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Depression is the most common mental illness, affecting one in four people at some time in their lives.


It makes a person feel desperate and affects everything they do.


Anyone may suffer depression, but it's severest during middle and old age. Women are twice as likely to become depressed, but men are three times more likely to commit suicide.


Most people recover completely. Counselling and anti-depressant drugs can help.









Symptoms of depression are deep despair, sadness, tearfulness, anxiety, lack of energy, poor concentration, loss of appetite and not sleeping well.


Depressed people also lose interest in social interactions and have a lack of motivation, feelings of guilt and suicidal thoughts.


The depth of these feelings makes depression very different from simply feeling low.



Difficult circumstances increase the risk of depression.


Social reasons include unemployment, bereavement, broken relationships, isolation or long illness.

Psychological reasons include being unloved or abused in childhood, setting unreasonable standards for oneself or others, or chronic anxiety.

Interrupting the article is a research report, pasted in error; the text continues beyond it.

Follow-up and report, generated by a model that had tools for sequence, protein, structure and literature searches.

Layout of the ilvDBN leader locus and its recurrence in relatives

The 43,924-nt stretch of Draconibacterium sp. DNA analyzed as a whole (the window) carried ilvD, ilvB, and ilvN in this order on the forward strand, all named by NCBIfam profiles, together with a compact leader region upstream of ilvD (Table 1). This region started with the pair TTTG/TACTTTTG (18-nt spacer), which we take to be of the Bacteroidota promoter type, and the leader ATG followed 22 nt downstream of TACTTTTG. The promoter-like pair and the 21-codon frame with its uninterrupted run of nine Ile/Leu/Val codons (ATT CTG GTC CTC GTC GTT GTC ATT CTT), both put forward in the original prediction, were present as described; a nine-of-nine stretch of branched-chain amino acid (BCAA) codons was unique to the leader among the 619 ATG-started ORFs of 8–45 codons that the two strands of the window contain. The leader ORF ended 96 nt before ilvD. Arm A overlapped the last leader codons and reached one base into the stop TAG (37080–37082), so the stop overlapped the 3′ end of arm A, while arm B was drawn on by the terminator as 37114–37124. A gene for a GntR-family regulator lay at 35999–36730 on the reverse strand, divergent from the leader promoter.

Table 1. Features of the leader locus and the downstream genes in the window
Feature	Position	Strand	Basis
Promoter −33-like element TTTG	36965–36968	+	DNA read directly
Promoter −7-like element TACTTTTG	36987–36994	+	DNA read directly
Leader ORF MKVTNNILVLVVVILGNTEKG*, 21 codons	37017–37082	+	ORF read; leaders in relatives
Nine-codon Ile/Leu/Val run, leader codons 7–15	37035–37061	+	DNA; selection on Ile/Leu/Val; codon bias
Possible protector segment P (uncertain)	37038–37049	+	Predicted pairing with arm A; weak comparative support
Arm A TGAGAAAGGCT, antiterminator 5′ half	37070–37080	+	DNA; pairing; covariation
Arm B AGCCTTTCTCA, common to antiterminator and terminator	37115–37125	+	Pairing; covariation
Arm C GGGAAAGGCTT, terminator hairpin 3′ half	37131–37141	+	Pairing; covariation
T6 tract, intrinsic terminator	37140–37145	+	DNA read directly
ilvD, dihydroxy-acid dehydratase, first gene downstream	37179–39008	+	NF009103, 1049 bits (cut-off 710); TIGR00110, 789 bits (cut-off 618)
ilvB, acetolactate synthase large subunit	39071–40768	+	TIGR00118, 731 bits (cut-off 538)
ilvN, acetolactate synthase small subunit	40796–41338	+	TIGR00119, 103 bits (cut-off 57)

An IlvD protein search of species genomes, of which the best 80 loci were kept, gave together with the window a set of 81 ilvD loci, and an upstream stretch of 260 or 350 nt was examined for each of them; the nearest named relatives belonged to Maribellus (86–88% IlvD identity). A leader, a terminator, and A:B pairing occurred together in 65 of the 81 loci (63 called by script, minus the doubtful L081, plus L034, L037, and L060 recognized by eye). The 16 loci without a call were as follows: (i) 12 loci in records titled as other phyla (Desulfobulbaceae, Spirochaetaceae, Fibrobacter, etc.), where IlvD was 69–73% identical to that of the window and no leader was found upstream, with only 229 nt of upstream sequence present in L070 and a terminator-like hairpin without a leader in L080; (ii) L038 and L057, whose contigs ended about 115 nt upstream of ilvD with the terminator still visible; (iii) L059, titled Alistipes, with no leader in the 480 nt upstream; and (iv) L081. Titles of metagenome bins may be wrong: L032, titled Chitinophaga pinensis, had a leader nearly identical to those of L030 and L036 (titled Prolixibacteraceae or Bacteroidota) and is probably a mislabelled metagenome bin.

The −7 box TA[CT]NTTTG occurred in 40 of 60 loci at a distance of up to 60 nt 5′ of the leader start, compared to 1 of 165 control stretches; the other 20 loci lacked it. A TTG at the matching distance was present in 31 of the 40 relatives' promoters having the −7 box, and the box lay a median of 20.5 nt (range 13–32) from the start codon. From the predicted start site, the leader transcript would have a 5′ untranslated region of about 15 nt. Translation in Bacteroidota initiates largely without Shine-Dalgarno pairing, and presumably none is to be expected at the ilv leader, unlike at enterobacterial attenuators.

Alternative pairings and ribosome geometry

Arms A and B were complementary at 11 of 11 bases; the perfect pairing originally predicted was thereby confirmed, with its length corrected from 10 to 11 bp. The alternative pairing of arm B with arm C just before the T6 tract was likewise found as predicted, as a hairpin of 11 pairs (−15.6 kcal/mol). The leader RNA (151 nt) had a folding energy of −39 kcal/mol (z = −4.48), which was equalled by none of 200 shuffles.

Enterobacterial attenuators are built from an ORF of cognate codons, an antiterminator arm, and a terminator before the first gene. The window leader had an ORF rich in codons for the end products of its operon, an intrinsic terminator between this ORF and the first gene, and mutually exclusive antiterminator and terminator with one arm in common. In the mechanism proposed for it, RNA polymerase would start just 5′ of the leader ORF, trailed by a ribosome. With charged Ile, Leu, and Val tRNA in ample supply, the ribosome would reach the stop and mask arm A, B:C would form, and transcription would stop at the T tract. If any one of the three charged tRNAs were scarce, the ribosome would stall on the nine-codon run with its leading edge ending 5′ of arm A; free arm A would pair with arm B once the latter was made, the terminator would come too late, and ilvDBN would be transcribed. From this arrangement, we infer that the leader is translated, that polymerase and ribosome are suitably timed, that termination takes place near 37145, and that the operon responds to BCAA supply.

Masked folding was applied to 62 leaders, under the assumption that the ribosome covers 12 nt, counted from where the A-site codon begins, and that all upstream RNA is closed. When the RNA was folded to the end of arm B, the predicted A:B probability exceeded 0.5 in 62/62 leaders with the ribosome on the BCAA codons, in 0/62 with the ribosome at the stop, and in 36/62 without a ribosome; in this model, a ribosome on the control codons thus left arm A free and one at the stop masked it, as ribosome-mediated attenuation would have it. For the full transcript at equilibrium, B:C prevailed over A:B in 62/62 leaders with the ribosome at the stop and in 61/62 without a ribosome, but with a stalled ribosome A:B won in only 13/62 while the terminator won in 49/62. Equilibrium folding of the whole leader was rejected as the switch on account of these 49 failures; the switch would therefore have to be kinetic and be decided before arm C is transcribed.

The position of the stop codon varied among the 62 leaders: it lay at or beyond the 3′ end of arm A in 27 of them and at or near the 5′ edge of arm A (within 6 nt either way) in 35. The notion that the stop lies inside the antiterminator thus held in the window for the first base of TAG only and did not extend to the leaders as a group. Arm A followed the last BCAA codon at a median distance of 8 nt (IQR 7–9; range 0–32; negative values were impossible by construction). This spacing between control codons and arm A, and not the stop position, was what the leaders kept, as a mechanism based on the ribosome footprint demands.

Depression can be caused by poor nutrition, disease, or can occur after giving birth. Sometimes it runs in families.


Recent research suggests that a low level of a brain chemical called serotonin might be partly responsible.



Anti-depressant drugs are often prescribed for depression. The most commonly used raise the level of a brain chemical called serotonin. These include Prozac™ and Seroxat™. Whilst many people find these extremely effective as a treatment, there is growing concern about the nature of their side effects, and the long-term effects of taking these drugs.


Cognitive–behavioural therapy can be very effective, as can other forms of talking therapy. There are also current trials underway in Bristol to look at the effects of specific exercise programmes as compared to drug treatment.

In 2005, scientists in Canada reported that deep brain stimulation was effective in treating a small number of patients with severe depression. In this trial, four out of the six patients experienced a "striking and sustained" let-up in their depression.

These patients had not responded to other treatments such as anti-depressants, psychotherapy and electroconvulsive therapy.

Deep brain stimulation is also a promising treatment for Parkinson’s disease and involves surgically implanting electrodes into a specific area of the brain linked with depression.


For advice and information, go to the MIND (National Association for Mental Health) website.